Research

Our group engages in research that covers a broad range of topics in condensed matter physics and materials science. Some of our current interests are listed below:

Excited-State Physics and Light-Matter Interactions

Exciton physics and valleytronics

Excited states describe the quantum states of a system, which have higher energies than the ground-state energy. The behaviors of these excited states not only give rise to a variety of fascinating properties and phenomena in condensed matter, but also play vital roles in modern technologies such as electronics, optoelectronics, and energy harvesting. By coupling light with materials, the study of optical excitation has enable research on excited states to make numerous fascinating discoveries.

Excitons, formed by electron-hole pairs bound by Coulomb interactions, are excited states that can be directly created by light. The excitons are responsible for sub-bandgap light absorption of semiconductors. In low-dimensional materials, the excitons are particularly important, because the Coulomb interactions are strongly enhanced and make the exciton binding energies as large as a fraction of the band gap. Due to this fact, the commonly used DFT methods fail to capture to exciton physics. In recent years, we have discovered a number interesting excitonic effects in low-dimensional materials, by using quantum theories and ab initio GW-BSE (derived from the many-body perturbation theory) calculations. These works include: tightly-bound excitons and exciton dark states, light-like exciton dispersions, valley-selective circular dichroism, and exciton-phonon replica states.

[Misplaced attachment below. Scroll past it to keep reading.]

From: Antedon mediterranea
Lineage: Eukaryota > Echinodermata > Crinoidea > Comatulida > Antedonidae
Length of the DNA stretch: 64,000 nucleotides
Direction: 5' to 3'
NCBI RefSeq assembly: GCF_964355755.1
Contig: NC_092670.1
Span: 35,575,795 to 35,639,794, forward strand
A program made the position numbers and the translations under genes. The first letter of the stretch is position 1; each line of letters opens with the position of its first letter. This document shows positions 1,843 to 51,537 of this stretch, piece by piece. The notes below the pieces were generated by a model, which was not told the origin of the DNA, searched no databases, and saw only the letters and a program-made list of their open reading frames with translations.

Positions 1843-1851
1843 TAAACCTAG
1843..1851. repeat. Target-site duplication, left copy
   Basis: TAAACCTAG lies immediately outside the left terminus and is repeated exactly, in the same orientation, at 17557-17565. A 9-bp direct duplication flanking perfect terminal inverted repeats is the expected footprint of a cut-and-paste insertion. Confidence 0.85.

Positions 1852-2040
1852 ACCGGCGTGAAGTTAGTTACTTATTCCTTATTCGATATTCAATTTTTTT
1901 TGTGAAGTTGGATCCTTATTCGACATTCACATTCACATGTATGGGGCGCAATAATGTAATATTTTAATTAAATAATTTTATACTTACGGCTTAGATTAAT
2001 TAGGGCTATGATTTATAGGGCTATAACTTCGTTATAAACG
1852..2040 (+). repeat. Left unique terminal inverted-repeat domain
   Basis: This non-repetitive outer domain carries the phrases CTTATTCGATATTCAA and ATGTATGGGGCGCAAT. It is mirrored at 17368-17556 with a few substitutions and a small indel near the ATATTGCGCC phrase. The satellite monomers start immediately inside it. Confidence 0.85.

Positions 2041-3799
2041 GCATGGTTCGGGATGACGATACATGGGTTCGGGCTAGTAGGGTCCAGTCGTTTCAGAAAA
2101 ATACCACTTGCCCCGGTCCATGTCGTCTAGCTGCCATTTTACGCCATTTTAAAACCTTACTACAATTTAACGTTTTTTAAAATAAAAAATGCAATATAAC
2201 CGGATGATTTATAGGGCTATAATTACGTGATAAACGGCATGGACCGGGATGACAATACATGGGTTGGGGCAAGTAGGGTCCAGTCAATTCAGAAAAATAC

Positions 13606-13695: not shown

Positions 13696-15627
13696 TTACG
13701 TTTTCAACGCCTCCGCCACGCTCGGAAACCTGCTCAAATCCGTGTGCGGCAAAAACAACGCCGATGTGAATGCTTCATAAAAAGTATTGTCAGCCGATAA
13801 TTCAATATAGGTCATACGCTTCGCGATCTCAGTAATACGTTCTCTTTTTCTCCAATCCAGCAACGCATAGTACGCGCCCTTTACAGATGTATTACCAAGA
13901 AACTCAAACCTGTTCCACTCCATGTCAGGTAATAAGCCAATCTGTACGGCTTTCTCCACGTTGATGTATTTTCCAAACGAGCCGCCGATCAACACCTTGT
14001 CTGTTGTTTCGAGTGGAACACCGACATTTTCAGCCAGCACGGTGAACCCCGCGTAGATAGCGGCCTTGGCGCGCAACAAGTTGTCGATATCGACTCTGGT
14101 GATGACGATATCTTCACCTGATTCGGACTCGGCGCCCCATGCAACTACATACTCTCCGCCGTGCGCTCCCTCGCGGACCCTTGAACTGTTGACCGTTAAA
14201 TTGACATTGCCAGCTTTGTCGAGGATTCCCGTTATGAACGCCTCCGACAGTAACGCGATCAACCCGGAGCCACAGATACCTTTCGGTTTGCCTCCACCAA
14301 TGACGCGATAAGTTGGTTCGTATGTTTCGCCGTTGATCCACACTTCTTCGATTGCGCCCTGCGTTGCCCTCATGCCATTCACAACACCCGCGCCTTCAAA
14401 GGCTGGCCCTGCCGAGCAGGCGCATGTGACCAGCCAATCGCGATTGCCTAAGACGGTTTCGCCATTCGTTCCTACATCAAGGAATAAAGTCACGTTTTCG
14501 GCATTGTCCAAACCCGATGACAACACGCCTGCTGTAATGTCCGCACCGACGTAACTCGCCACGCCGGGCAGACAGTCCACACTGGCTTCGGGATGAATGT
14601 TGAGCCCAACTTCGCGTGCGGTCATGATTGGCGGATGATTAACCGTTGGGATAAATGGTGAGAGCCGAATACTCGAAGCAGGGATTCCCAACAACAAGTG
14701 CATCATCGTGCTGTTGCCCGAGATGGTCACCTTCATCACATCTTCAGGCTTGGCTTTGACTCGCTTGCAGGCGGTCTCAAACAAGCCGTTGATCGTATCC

Geometric effects in optical transitions

Interesting excited-state phenomena can arise from geometric effects. We discover that, in 2D semiconductors with nontrivial bands, the strength and required light polarization of an excitonic optical transition are dictated by the optical matrix element winding number, a unique and previously unrecognized topological characteristic. In gapped graphene systems, each valley hosts multiple bright excitons coupled to light of different helicity. Parts of these findings have been observed in experiments. The geometric effects still have much to offer in our understanding of excited-state phenomena.

Low-Dimensional Quantum Materials

Understanding and controlling magnetism

Understanding and controlling magnetism in 1D and 2D materials has been a long pursuit in condensed matter. Through ab initio calculations, we predicted tunable ferromagnetism and half-metallicity in a monolayer GaSe by hole doping.

More recently, we have been working on the ferromagnetism that arises from local magnetic moments in a 2D crystals such as Cr2Ge2Te6 and CrI3. In these materials, the ferromagnetism mainly originates from magnetic moments of Cr atoms. By using renormalized spin-wave theory, we studied the origin of the field and temperature dependent magnetic properties and interpreted experimental findings.

Topological band engineering

We predict that semiconducting graphene nanoribbons (GNRs) of different width, edge, and end termination belong to different electronic topological classes. The topological phase of GNRs is protected by spatial symmetries and dictated by the terminating unit cell. These theoretical prediction of junction states and end states arising from the non-trivial topological phases has recently been experimentally observed and confirmed. 

Advanced Spectroscopy 

ARPES simulations

Ultrafast dynamics and Pump-probe spectroscopy